Tuesday May 30, 2017
For the road ahead

Rider-operated lift trucks

The Health and Safety Executive (HSE) has produced an ‘Approved Code of Practice and guidance' on all aspects of lift trucks.This 44 page document entitled ‘Rider-operated lift trucks: Operator training and safe use' is available to download here. But, here's a taste at what is included in the document. 

Background to lift trucks

Fork lift trucks are widely used throughout our industry for moving materials and goods, but they also feature prominently in work site accidents. Every year there are about 8,000 lift truck accidents, some of which are fatal. Some accidents are due to drivers' health issues, so people operating lift trucks should be free from physical defects that might pose a threat to their own health and safety, or the safety of others. (People with disabilities need not generally be excluded from work; medical advice should be obtained about an individual's suitability for a specific job).

What does driving lift trucks mean for employees?

Employees need to be aware that health issues can negatively affect driving and that substances such as medication, alcohol and illicit drugs can have disastrous results. Specific illnesses such as diabetes, heart problems, high blood pressure and poor vision can also contribute to accidents.

What are employers' responsibilities?

There is no specific legislation regarding fitness to drive a fork lift truck, however, the standards set out in the Driving and Vehicle Licensing Authority (DVLA) documents for class 1 and class 2 licences are usually applied. Drivers of forklift trucks should be screened for fitness to drive before training commences, and at regular intervals thereafter. It is recommended that a driver's health is checked at age 40 and then every five years, until the age of 65 when the medicals should be carried out annually.Those diagnosed with a health condition, such as high blood pressure, should temporarily stop driving forklift trucks until the condition has been treated successfully. Occasionally a health condition may be diagnosed that makes forklift driving untenable in the long-term. In such cases, employers are advised to redeploy the employee to other work, if possible (in line with the principles of the Equality Act 2010). If your employer does propose this, please speak to your URTU Health & Safety Rep or Regional Officer.Repeat medical assessments are also recommended in all cases after an accident or sickness absence lasting more than one month. They are also recommended after a shorter period of absence if it appears likely that the illness may affect driving. This may include employees who have started on medications that have been prescribed by the GP.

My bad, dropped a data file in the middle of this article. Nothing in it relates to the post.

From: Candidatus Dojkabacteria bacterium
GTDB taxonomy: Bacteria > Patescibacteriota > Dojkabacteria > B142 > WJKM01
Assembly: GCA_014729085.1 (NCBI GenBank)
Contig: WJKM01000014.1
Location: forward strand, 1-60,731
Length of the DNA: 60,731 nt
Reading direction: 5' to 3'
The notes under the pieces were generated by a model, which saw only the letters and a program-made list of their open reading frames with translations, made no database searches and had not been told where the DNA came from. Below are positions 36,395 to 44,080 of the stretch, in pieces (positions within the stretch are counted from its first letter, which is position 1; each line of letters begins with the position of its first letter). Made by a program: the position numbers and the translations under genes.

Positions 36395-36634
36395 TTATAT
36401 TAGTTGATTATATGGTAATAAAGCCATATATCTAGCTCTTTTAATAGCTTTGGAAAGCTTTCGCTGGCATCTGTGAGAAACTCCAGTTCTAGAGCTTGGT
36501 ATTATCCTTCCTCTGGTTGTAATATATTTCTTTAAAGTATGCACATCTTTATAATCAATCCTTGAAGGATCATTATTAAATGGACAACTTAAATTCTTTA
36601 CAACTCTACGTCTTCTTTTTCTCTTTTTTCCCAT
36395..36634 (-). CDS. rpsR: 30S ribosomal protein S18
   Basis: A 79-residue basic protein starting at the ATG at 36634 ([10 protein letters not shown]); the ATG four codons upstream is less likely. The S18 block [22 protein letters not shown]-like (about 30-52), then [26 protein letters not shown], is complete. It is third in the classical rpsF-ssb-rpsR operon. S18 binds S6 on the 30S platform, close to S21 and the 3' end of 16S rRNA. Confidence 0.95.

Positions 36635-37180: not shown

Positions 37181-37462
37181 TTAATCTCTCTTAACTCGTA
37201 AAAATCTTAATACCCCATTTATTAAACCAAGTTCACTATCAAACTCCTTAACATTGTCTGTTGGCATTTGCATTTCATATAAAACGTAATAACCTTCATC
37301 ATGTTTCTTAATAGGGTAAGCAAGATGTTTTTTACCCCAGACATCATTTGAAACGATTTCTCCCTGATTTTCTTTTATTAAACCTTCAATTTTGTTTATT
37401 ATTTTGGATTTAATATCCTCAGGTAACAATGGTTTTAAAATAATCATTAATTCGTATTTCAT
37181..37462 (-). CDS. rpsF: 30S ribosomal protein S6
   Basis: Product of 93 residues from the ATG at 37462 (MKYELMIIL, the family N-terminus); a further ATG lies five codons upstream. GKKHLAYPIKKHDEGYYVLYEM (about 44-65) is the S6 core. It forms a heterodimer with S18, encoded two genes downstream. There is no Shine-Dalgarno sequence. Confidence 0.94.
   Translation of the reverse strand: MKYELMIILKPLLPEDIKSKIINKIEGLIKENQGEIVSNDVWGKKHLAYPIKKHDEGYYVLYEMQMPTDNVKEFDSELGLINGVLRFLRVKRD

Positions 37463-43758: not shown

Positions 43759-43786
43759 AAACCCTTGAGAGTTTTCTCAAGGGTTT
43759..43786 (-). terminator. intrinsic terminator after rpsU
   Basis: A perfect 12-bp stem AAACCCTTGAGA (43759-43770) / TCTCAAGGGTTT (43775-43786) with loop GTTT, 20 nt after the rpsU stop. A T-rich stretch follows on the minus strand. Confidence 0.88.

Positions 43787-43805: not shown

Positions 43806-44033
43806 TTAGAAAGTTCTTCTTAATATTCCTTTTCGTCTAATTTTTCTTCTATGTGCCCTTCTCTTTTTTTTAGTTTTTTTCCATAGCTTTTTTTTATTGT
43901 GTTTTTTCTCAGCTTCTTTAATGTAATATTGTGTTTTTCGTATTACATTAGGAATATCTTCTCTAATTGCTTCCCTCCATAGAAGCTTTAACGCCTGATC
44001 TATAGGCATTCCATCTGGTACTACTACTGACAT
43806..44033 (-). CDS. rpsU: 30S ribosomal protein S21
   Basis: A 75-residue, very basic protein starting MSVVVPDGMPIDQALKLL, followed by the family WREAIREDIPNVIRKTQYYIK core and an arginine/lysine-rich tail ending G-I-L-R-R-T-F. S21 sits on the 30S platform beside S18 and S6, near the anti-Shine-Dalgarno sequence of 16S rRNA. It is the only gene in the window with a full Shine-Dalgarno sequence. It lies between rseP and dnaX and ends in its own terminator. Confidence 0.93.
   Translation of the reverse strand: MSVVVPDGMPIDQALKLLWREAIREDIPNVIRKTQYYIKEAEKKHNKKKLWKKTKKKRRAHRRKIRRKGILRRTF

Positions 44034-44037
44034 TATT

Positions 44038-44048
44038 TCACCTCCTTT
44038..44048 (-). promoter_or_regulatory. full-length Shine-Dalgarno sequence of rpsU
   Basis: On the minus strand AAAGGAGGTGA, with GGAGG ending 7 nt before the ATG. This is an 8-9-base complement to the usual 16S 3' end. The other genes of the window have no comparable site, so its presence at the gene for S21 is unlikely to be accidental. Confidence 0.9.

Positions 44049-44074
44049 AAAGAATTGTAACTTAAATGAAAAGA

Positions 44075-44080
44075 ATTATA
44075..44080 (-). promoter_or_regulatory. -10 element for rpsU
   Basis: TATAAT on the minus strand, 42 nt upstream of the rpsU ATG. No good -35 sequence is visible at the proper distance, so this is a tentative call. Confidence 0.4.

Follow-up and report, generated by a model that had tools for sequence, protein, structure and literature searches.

Where can I get medical advice?

The NHS runs a Health for Work Adviceline (0800 0 77 88 44) which provides immediate advice to workers on a range of issues including how health can affect a person's ability to drive lift trucks in the workplace. Advice can be offered on undertaking assessments or investigating a person's fitness to drive a lift truck dependent on possible physical limitations. The medical assessment takes about 30 minutes and includes a general health questionnaire; blood pressure check; hearing, mobility and eyesight testing; and a urine sample to check for diabetes. It also involves a discussion about general health and any recent health problems. The most common health issues to arise from the assessment are high blood pressure or poor eyesight, both of which are easily rectified.

‘Rider-operated lift trucks: Operator training and safe use' is available to download here.

Alternatively, call 0161 486 2103 if you would like a copy posted to you.

If you have any health and safety questions regarding lift trucks, please remember that your URTU Health & Safety Rep or Regional Officer are there to offer you help and advice.

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